Highlights from the
100 Years Ago
September 5, 1921
LEADVILLE HERALD’S FIRST PRESSROOM FOREMAN IN THE CITY — The man who got out the first edition of the Herald, forerunner of the Herald Democrat, and one of the two papers that constitute Leadville’s present daily newspaper, is in Leadville on a visit. He is O. L. Smallwood, now superintendent of the pressroom for the Portland Oregonian. Mr. Smallwood, who came to Leadville June 5, 1878, got out the first edition of the Leadville Herald in October 1879. The men who founded the paper were W. P. Newhard, J. W. James and R. G. Dill. Mr. Smallwood is spending a month’s vacation and felt impelled to come back to see his old haunts.
ANOTHER PAIR OF BUENA VISTA FUGITIVES FAIL TO GET FAR — One of two Buena Vista convicts who walked into Leadville early yesterday morning from Stringtown after abandoning a stolen car in the latter place was caught in Minturn last night, and the other was reported to have been located as being somewhere in the same town. Sheriff Schraeder was in Malta out on search for the convicts when he received information shortly before 8 p. m. of the capture of one of the fugitives and the imminent capture of the other. The names of the men are Webber and James Clark.
Webber and Clark were inmates of the State Reformatory in Buena Vista. They got away from the institution and appropriated a tourist’s automobile with a Texas license tag. The car, a Buick Six, was stolen out of the Princeton garage in Buena Vista at about midnight. The fugitives drove it as far as Stringtown, where they apparently ran out of gas. They turned the car into the ditch and came into Leadville, probably in quest of gas, about 3 o’clock yesterday morning, according to information secured by Sheriff Schraeder.
According to descriptions in the Sheriff’s possession, the men are 20 and 26 years old, Webber being the younger. Webber is five feet six and a half inches tall; weighs 135 pounds; has a dark complexion, brown eyes, and very dark curly hair; and bears a scar on his left palm. James Clark is five feet, four inches in height; weighs 140 pounds; has a light complexion, blue eyes, light hair; wears two gold crowns in the upper jaw, left-hand side; has six teeth missing; has a scar on the right side of his neck and a gunshot wound in the left calf.
The sheriff of Chaffee county came to Leadville yesterday afternoon to fetch the car. It had not been damaged. The theft of the car was discovered, it is said, when the owners, tourists, got up yesterday morning.
FORESTRY SERVICE FILM MAKES VIVID COLORADO’S WONDROUS SCENERY — The Colorado scenic movies taken by the government forestry service that were shown last night in the Liberty Bell theater did not slight Leadville and environs. The Cloud City, Denver, Colorado Springs and Glenwood Springs were the only cities that appeared in the hour or more of Colorado scenery, and none of them in their entirety except the first mentioned. Of the other three only limited glimpses were shown. The caption that announced the “highest city in the world, and a famous mining center” was followed by the familiar smelter dumps that deck the edge of the city, and then the camera swung in on the city proper and gave a full view of it with Mount Massive in the background. The Gore range skyline was given considerable space. Leadville environs were featured as excellent fishing country. Lake Creek was described as offering splendid fishing a few yards from the automobile highway, and was given considerable space in the pictures.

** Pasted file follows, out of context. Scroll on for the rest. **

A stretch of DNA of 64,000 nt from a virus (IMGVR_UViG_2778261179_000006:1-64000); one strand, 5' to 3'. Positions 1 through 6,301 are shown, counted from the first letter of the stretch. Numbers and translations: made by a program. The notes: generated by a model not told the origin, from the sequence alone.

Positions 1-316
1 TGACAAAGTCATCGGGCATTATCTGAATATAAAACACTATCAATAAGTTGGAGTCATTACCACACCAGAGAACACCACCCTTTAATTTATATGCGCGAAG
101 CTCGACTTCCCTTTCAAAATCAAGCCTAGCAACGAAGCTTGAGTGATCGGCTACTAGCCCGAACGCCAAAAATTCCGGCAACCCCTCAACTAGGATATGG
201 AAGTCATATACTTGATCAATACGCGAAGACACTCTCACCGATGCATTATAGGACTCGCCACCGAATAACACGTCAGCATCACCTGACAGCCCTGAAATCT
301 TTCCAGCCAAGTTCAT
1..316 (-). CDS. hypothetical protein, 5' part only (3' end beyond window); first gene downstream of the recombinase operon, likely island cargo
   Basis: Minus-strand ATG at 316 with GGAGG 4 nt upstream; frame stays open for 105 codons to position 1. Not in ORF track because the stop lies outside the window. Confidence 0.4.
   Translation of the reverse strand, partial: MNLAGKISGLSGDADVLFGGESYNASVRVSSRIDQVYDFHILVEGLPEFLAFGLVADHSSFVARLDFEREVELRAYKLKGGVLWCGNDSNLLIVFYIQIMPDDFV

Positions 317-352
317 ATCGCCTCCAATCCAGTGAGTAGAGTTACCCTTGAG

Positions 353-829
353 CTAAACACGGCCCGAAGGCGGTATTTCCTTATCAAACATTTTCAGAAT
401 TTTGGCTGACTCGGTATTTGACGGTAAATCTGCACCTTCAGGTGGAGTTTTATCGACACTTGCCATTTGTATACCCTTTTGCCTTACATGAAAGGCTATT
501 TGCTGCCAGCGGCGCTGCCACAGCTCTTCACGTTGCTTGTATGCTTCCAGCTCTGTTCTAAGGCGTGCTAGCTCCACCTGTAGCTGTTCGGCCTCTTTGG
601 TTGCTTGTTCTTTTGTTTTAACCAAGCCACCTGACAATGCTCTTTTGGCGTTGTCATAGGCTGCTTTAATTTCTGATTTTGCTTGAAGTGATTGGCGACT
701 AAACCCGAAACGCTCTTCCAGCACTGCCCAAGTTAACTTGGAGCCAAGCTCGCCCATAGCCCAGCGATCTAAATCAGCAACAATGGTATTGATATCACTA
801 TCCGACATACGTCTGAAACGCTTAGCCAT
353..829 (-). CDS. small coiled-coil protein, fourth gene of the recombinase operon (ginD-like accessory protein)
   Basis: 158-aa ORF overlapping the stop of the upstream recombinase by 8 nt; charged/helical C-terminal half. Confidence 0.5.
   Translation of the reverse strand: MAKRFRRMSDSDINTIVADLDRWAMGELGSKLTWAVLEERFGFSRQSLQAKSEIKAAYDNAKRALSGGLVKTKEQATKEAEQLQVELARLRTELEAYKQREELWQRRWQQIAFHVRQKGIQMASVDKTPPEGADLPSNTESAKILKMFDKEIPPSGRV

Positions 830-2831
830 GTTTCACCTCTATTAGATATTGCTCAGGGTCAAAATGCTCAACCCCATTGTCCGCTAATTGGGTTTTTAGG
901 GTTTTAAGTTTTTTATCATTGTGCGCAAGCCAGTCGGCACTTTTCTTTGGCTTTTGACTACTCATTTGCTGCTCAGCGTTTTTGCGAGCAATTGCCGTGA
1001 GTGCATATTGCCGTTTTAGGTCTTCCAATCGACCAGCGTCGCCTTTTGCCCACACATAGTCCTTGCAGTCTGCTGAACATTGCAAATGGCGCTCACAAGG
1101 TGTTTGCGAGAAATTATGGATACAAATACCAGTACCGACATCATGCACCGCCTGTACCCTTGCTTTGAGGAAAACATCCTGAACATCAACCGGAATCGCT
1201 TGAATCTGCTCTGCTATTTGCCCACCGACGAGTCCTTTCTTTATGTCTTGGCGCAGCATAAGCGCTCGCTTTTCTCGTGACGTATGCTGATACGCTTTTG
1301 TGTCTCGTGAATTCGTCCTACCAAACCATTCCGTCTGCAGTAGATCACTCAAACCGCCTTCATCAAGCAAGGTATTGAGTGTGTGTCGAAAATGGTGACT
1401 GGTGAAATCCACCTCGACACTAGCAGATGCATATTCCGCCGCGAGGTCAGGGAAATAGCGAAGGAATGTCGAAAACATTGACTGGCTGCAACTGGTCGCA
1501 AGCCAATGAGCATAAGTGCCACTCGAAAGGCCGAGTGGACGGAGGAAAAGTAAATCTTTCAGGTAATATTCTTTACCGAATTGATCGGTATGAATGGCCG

Aspen, Glenwood Springs and Red Cliff got generous mention as outfitting points for tourists bound on various trips into scenic country. Our neighbor Aspen was pointed out as the starting point for a twelve-mile trip to Snowmass Mountain and Snowmass Lake. If any part of the wonderful continuous Colorado scenery as depicted in the long Forestry Service film stood out as being especially beautiful, it was probably the grand Snowmass Mountain, described in the film as Colorado’s most beautiful mountain. Snowmass rises sheer from the edge of beautiful Snowmass Lake, a most lovely body of water with clean cut rocky shores.
Red Cliff was referred to as the outfitting or starting point for a trip to Mount Holy Cross. Extensive views were shown of this interesting and beautiful peak with its well-defined famous cross. Reference was made to an Indian legend to the effect that the Indians worshipped the cross as an emblem of the white man’s god. It was explained that horses may be hired in Red Cliff for the twelve-mile ride to the mountain.
The film proved so long that Manager Cunningham found it impossible to run it in conjunction with each show. He effectively placed it between the two evening performances instead so that it could be seen by one audience at the end of the first show and by the second crowd at the beginning of the second show. It was truly a wonderful film, purely as a picture that should put to shame a great deal of tawdry stuff shown on the screen the country over. As propaganda by the Forestry Service it was also commendable. It should attract from all parts of America increasing thousands who need to sojourn among just such environs as are ours daily. The pictures were arranged as tours or trips from Colorado Springs, Denver, Salida, Canon City, Red Cliff, Glenwood Springs and Fort Collins. The first trip included Pike’s Peak, which, while interesting and meriting all the attention it receives from tourists, was later eclipsed by scenes such as the Snowmass peak and lake, Hanging lake and Cottonwood lake, the latter in the Leadville forest.